Ben Affleck’s direction here is marvelous as it manages to keep the fast movie plot, large cast of characters, and both dramatic and funny sides of the tone consistent. All of these elements work together to keep this movie moving. Affleck manages to bring a tone that certainly is very dramatic, but he takes plenty of liberties by inserting a sort of dark and witty humor that keeps the movie from actually deflating the stakes of the film. Affleck’s direction also grabs you and pulls you into this reality that this movie is portraying. The opening movie sucks you in and the film does not let go until the credits role. Affleck’s unique style paired with the script by Chris Terrio are so complementary of each other that it is hard to see how this movie could have worked without the two. Affleck has proven himself very capable twice already, but thanks to his unique understanding and portrayal of reality matched by his superior camera work makes him something exceptional. Affleck may yet be one of the greats of film making.

Overall Argo is a rare movie that caters to a more adult audience because of its sophistication, tone, and intense story it’s trying to tell. Do not mistake the descriptor of adult with vulgar and graphic, but what I mean is that it has a certain style and elegance that adults would generally appreciate from a film. This type of adult film has become more and more of a rare commodity in the mainstream as most of the biggest films put out cater to a younger more teenage audience. Argo manages to deliver an elegant and possibly even masterful film here with it’s smart, tight, and intricate script that is only matched by Affleck’s direction. Make no mistake folks, this will be a film you will see pop up during Oscar season this year, and rightfully so. This is certainly a movie I would recommend to fans of history, but I would also say that people interested in films that cater to a higher brow audience should check it out.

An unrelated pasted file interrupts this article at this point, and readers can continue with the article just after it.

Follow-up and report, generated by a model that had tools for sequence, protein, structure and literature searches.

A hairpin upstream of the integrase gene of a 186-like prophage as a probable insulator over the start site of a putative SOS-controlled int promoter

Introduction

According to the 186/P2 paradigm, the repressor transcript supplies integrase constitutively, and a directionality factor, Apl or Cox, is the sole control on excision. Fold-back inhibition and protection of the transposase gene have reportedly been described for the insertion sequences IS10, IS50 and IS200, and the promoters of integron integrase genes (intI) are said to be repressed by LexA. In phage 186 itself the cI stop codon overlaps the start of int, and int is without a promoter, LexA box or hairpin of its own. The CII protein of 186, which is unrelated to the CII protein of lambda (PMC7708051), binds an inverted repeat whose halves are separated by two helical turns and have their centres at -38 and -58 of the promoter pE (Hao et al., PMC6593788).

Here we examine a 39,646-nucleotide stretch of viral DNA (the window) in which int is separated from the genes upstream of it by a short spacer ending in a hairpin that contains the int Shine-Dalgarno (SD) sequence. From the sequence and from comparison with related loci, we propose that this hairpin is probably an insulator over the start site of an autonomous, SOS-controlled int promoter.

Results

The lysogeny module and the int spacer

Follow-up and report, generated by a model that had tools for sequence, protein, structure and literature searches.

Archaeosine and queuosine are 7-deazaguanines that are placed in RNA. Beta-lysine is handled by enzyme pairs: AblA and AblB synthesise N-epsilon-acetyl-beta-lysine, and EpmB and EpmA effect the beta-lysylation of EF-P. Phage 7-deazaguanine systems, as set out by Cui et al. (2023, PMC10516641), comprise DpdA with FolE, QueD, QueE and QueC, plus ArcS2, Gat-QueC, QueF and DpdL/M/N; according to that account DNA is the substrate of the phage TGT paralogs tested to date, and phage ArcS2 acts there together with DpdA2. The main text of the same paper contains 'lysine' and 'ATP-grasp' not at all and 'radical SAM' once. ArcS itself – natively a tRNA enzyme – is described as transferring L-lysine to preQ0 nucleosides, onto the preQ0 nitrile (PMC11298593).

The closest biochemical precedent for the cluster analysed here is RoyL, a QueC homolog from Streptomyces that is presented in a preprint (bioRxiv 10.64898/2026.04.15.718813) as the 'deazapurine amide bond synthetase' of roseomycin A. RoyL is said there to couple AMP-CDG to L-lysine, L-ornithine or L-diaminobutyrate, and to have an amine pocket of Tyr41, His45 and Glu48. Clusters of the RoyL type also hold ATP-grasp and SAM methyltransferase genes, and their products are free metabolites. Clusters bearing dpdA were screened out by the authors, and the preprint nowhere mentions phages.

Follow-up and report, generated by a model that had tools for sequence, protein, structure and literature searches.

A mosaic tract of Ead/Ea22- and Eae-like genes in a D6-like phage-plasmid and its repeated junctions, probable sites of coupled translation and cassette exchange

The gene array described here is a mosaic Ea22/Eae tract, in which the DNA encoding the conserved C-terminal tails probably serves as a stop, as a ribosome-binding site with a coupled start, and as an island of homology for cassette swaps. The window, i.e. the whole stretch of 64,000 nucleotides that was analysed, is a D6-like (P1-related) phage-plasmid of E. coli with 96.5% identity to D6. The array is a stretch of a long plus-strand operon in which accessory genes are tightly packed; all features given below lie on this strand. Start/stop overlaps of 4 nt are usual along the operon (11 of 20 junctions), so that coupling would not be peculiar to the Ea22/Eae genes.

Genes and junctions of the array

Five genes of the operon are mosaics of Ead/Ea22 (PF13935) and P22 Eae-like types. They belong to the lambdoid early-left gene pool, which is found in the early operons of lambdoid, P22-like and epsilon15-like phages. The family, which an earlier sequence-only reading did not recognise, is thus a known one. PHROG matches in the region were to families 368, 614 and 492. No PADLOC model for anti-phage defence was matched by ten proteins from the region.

Story: 10

The story of Argo opens stupendously with a scene that grabs you and the story does not let go until the final moments of the film. The script is excellent with very few scenes at all feeling less than essential and each of them manages to pack a punch in every scene including exposition. While the movie surely takes some liberties with the actual events, the movie never feels unbelievable or out of the realm of possibility.

Character/ Acting: 9.0

The entire cast is excellent save for Affleck(and the presentation of Tony Mendez) who is only solid. This may seem like a nitpick, but his performance that is not exceptional stands out all the more in a cast of impressively well written and acted characters. Aside from his lead the movie does an incredible job at giving the audience a strong connection with all of the characters, even the ones who have little screen time. 

Direction: 10

Argo is Affleck’s best film yet, especially in terms of his style which is growing more defined with each of his films. He manages to bring all of the elements of a great movie together with the script, cinematography, character portrayals, ect. , but does not stop there as Affleck appears to have gone the extra mile by portraying this story that sucks you in. Ben Affleck has a way to go, but is slowly proving to be on of the best out there with his fresh and unique take on familiar genres.

Overall Effectiveness of the Film: 9.5

Argo is an excellent movie, and in fact I would say it is one of the best films that I’ve seen this year. It is without a doubt successful as a historical thriller that immerses the audience into its story and creates tension that is constantly keeping the audience on edge despite the fact that the history points to an obvious conclusion. Affleck as Tony Mendez may be the weak link, but when your weak link is still really solid, you know you’ve got a great movie on your hands. Look for this film during Oscar season. 

Overall Score: 9.5